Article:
China will not revise its foreign exchange policies, as the United States labeling it "a currency manipulator" is unreasonable and unlikely to get support from multilateral mechanisms, according to Chinese officials and analysts.
Based on available facts and evidence, it is unlikely that the International Monetary Fund — the most authoritative organization to arbitrate currency manipulation — will stand by the U.S. in accusing China of being a currency manipulator, they said. Without such support from the multilateral organization, the U.S. accusation will not hold up, they added.
An IMF spokesperson told China Daily on Thursday that "discussions with the U.S. Treasury Department are ongoing on a range of issues". The "range of issues" is not confined to the currency manipulation accusation, the spokesperson added.
The IMF had not yet sent a message requiring Beijing to start related negotiations regarding the accusation, two Chinese officials familiar with the matter told China Daily. The Chinese government maintains routine coordination and communication with the IMF, said the officials, on condition of anonymity.
The U.S. Treasury Department wrote in a statement on Monday that it will engage with the IMF "to eliminate the unfair competitive advantage created by China's latest actions". Hours before the U.S. announcement, the renminbi weakened beyond 7 per dollar for the first time since May 2008. Washington threatened earlier to slap 10 percent tariffs on an additional $300 billion worth of Chinese goods beginning on Sept 1.
Li Chao, vice-chairman of the China Securities Regulatory Commission, said it is "irresponsible" for the U.S. administration to label China as "a currency manipulator", as it not only violates rules and common sense, but also causes damage to the U.S. itself and stock markets of other economies.
"(The U.S. labeling) triggered drastic fluctuations across global financial markets," Li said in an interview with Xinhua News Agency.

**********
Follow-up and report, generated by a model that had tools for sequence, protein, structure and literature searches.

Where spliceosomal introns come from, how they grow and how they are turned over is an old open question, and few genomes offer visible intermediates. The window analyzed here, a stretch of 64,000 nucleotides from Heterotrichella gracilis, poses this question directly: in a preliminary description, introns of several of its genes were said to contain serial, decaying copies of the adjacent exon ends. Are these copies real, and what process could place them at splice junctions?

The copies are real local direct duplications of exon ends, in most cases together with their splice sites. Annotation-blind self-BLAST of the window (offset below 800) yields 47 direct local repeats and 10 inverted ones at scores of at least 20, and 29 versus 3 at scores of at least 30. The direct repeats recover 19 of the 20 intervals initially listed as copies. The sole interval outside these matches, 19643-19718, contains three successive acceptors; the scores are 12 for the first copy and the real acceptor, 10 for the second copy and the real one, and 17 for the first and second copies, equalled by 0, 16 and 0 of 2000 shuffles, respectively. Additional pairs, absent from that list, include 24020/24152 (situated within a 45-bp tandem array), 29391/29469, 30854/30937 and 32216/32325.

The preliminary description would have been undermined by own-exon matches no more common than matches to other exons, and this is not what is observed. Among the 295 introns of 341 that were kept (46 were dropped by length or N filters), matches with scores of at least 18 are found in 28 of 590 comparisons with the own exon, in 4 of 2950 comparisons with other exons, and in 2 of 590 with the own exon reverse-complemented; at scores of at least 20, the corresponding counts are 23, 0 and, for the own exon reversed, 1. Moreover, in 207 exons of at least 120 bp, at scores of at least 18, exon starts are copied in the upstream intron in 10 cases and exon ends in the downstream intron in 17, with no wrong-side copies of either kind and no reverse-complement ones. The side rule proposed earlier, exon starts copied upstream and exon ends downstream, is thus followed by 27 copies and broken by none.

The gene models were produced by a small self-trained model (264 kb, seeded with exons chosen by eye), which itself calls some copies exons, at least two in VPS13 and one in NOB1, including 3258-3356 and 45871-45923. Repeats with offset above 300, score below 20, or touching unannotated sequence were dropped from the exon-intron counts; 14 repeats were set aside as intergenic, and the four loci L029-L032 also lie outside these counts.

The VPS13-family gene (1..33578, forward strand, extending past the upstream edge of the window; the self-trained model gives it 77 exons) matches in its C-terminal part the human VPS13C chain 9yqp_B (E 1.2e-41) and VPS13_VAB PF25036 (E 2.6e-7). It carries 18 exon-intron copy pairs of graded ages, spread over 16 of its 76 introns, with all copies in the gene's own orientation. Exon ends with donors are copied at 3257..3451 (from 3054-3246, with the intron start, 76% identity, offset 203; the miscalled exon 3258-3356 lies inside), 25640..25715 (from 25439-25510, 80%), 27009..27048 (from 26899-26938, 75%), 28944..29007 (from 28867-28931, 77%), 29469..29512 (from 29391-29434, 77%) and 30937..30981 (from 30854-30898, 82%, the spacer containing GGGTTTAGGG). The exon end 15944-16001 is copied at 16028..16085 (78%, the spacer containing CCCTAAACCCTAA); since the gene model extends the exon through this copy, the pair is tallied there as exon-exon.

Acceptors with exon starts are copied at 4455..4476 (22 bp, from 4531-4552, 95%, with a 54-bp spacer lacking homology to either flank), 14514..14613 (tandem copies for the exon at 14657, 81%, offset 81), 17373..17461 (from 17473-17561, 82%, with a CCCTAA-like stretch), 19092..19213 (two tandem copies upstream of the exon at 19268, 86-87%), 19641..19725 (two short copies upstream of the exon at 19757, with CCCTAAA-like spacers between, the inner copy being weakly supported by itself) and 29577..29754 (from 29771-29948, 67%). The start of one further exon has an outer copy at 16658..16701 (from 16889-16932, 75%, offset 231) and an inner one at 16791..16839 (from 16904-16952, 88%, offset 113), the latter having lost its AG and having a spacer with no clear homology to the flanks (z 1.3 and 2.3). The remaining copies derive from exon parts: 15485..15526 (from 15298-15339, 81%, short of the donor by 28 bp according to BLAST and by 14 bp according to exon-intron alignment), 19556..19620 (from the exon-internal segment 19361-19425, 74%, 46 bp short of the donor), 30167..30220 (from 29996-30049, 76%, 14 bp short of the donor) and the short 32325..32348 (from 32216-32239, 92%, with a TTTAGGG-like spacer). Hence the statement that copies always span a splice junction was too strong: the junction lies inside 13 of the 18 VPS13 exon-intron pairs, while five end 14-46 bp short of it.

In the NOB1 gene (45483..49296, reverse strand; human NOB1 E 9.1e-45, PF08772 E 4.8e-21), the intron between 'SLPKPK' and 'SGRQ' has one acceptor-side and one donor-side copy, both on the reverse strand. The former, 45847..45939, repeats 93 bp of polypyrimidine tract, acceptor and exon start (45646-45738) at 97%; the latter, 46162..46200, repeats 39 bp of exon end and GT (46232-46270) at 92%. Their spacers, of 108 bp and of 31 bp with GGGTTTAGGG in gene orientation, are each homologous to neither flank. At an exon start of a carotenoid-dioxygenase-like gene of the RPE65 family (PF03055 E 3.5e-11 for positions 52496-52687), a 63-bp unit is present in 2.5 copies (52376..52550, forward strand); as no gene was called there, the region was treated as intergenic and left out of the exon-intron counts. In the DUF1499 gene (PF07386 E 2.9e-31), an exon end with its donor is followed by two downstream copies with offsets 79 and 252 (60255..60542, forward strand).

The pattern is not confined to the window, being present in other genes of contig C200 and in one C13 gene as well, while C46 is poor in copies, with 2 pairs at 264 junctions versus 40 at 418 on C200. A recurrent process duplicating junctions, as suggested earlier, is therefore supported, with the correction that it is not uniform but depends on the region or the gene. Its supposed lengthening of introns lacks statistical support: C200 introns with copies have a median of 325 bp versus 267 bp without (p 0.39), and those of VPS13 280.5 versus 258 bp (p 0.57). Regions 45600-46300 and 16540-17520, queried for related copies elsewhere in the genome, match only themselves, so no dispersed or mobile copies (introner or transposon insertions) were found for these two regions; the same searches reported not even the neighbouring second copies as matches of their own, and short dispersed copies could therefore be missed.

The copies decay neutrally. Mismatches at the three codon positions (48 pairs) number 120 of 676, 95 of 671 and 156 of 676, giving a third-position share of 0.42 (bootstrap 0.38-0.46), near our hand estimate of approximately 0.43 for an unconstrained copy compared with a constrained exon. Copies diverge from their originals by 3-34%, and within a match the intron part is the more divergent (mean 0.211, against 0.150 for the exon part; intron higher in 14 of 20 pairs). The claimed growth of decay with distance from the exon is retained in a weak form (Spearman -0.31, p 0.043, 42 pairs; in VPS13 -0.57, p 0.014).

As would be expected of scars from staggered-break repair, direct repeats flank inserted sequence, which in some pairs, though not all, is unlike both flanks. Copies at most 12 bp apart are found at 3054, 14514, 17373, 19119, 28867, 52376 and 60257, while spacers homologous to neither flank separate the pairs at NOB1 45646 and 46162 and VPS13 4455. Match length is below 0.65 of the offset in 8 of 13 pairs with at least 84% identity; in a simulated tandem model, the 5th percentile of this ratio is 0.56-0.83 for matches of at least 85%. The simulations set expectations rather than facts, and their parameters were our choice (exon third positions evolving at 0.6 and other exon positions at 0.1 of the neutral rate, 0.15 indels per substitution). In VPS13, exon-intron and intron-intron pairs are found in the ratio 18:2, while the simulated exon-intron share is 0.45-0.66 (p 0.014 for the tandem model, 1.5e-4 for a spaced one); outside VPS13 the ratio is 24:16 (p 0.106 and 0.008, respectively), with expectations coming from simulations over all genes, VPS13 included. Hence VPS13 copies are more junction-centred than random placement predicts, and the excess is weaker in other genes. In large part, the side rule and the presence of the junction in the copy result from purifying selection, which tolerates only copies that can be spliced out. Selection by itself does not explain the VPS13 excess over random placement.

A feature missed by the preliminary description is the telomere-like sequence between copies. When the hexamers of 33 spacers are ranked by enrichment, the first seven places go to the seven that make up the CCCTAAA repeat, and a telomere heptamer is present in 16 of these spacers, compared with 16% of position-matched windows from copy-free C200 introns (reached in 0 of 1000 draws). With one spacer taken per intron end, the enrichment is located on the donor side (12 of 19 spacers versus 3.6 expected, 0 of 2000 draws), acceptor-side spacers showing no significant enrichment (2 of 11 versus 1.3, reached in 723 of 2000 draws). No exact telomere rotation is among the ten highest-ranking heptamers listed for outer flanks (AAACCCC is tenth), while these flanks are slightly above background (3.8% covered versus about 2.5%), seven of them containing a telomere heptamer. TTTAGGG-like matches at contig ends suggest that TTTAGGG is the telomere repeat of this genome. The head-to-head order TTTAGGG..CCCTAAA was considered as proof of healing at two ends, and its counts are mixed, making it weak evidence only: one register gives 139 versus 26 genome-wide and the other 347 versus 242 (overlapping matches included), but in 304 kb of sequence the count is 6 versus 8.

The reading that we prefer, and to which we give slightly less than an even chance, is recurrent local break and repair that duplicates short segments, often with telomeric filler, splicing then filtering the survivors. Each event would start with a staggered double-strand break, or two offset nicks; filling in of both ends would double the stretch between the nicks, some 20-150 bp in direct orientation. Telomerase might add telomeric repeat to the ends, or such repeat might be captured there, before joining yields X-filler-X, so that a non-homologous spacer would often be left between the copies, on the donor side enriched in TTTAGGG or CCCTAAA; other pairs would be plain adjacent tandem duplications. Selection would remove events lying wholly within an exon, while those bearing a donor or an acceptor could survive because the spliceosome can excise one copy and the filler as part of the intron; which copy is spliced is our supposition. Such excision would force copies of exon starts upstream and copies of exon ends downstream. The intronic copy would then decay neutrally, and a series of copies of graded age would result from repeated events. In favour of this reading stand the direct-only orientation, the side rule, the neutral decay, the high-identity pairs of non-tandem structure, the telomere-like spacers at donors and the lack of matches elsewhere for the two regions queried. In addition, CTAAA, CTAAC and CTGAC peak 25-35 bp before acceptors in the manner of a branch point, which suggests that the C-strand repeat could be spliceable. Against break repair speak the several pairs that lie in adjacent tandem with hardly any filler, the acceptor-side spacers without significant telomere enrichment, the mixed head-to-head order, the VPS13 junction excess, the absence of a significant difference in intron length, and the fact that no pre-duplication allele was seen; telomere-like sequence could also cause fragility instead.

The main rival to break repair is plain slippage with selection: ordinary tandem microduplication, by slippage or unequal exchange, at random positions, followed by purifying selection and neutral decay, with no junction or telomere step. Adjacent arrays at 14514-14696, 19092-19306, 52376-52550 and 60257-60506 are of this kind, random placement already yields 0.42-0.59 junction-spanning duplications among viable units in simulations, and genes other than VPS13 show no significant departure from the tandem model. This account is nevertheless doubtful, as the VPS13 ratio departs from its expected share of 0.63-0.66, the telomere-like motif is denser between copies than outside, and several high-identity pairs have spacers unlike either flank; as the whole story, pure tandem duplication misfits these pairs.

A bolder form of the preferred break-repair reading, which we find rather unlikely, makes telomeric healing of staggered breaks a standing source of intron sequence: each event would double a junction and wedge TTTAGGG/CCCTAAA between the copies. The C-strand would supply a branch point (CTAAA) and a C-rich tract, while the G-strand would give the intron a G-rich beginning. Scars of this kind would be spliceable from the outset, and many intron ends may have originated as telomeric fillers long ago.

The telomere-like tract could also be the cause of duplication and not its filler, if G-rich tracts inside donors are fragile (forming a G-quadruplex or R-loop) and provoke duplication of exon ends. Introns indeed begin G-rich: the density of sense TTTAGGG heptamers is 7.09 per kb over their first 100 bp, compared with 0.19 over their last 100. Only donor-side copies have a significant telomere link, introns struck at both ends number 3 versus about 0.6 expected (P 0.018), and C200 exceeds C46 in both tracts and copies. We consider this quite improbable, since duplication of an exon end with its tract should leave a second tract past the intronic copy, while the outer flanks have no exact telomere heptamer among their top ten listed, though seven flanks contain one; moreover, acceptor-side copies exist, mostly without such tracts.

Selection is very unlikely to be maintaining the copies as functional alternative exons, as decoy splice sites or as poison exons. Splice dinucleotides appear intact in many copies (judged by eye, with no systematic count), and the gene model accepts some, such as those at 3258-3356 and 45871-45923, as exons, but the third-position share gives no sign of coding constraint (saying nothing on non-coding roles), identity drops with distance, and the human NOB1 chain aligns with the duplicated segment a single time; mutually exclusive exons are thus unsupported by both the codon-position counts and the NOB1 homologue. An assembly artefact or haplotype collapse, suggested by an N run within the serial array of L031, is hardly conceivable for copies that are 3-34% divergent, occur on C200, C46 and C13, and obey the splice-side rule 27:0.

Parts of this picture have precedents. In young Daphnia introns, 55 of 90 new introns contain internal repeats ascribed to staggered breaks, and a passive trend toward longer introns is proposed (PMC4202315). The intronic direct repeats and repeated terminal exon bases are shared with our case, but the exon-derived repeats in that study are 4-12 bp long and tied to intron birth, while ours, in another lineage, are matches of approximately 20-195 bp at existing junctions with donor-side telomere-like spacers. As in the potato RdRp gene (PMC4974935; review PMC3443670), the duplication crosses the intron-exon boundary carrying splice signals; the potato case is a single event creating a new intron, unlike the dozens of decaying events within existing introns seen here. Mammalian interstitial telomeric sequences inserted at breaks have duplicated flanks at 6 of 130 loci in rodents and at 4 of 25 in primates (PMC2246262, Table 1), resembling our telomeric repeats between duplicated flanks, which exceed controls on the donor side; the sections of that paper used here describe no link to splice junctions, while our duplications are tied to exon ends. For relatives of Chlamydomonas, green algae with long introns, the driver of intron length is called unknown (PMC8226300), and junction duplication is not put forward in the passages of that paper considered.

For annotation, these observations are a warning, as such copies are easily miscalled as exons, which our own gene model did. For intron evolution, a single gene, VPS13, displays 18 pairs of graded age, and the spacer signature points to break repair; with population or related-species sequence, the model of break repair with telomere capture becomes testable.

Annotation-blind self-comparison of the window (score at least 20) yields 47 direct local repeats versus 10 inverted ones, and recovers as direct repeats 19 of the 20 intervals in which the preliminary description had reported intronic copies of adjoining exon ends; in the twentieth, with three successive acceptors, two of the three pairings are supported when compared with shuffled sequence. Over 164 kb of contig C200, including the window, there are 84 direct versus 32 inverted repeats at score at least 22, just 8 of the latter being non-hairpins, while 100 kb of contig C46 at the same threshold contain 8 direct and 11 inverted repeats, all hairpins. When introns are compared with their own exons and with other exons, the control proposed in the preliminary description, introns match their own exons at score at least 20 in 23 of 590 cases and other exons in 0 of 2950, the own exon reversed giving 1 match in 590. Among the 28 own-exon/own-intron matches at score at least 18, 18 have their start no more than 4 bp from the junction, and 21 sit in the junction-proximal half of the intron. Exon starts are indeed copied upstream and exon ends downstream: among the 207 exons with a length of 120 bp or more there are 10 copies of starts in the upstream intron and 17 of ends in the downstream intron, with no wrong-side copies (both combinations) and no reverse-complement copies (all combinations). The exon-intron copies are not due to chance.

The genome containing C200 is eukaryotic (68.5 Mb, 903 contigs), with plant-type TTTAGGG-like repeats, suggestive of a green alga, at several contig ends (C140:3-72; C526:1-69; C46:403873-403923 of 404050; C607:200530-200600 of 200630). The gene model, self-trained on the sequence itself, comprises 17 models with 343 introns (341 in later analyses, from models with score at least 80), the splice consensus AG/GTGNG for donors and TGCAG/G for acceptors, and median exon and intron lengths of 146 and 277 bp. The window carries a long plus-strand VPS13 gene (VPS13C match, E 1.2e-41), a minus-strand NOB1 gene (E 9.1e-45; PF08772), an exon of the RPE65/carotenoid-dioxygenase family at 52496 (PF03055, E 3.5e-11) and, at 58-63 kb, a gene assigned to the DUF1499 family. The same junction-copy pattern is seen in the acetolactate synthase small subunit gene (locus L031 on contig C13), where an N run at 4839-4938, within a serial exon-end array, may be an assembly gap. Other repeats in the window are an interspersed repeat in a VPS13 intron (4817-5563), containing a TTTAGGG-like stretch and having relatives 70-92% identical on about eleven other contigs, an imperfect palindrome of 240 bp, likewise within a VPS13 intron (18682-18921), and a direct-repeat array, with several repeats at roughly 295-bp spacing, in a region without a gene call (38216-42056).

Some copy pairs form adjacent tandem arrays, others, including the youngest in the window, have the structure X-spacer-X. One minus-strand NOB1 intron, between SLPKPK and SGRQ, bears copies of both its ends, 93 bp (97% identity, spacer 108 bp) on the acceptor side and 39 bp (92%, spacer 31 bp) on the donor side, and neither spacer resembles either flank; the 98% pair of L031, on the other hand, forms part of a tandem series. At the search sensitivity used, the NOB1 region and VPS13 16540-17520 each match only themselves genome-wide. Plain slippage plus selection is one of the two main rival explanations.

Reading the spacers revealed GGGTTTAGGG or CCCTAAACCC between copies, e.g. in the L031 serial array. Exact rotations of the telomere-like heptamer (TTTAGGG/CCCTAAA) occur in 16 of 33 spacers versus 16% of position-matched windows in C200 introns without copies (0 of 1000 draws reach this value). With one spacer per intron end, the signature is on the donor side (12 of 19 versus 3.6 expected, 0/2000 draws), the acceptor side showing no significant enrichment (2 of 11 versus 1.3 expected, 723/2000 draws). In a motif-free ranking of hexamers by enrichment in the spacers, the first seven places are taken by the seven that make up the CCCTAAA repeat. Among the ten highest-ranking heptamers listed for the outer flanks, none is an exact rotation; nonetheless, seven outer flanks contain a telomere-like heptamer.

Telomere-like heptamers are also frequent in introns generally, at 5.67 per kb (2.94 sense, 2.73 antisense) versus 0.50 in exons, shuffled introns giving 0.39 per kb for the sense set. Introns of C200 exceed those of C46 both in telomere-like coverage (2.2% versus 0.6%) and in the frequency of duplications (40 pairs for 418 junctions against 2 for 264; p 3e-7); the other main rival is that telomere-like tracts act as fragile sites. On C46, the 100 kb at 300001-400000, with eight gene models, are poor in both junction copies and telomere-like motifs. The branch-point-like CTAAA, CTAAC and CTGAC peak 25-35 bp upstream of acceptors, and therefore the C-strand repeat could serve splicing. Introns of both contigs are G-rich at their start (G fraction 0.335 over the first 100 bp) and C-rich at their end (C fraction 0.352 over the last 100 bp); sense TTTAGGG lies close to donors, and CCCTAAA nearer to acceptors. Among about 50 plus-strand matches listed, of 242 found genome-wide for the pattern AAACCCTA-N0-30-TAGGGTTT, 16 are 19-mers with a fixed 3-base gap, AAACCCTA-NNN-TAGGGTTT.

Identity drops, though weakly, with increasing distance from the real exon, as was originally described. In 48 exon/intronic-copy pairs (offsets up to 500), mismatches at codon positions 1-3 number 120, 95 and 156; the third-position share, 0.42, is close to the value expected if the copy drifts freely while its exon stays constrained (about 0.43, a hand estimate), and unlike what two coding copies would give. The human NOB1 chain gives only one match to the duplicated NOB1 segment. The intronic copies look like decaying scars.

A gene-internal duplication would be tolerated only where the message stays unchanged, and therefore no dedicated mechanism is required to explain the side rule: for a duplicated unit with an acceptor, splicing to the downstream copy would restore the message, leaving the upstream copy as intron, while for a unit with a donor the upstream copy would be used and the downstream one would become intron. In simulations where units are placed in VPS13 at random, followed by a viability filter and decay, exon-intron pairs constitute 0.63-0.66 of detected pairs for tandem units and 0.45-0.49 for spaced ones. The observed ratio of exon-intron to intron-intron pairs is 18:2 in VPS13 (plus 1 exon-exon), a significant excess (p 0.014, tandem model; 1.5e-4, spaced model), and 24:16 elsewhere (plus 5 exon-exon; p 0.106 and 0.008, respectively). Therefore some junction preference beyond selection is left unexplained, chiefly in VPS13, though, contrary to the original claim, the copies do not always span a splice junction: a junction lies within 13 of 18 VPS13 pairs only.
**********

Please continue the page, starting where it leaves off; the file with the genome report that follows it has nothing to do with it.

Mark Sobe, a former senior IMF official, told Reuters on Tuesday, "It's ridiculous that they've declared China a currency manipulator. They don't have any meaningful tools to do anything about it, unless they just want to pile more tariffs on."
The recent performance of the Chinese currency is evidence that the exchange rate is floating more flexibly, said Guan Tao, a former director at the State Administration of Foreign Exchange, the country's foreign exchange regulator.
"Even if the IMF received the U.S. complaints on the exchange rate, I believe the fund will make a just decision. And it is unlikely to overturn the previous conclusion," he said. "For the long term, the RMB value will depend on economic fundamentals."
IMF First Deputy Managing Director David Lipton said after his visit to China in June that the country will be able to stabilize growth above 6 percent in 2019 and 2020, supported by appropriate policies, despite U.S. tariffs.
"China has made welcome progress in reducing external imbalances over several years, and the external position in 2018 was broadly in line with medium-term fundamentals and desirable policies," Lipton said.
"Exchange rate flexibility should facilitate adjustment to the new external environment," he added. "Greater exchange rate flexibility and better-functioning foreign exchange markets will help the financial system prepare for more volatile capital flows."
China's current account surplus continued to decline in 2018, reaching 0.4 percent of GDP, according to the IMF's recent annual External Sector Report.
China will maintain stability and continuity of its foreign exchange policies and continually promote the opening-up of the financial market, SAFE spokeswoman Wang Chunying said on Wednesday.
"China remains committed to the managed floating exchange rate regime based on market supply and demand, and with reference to a basket of currencies," said a statement from the People's Bank of China, the central bank.
The U.S. Treasury Department labeled China a currency manipulator, but the reality is very different, as the renminbi dropped beyond 7 per dollar only due to an overly bearish market, said Lynda Zhou, equity portfolio manager at Fidelity International.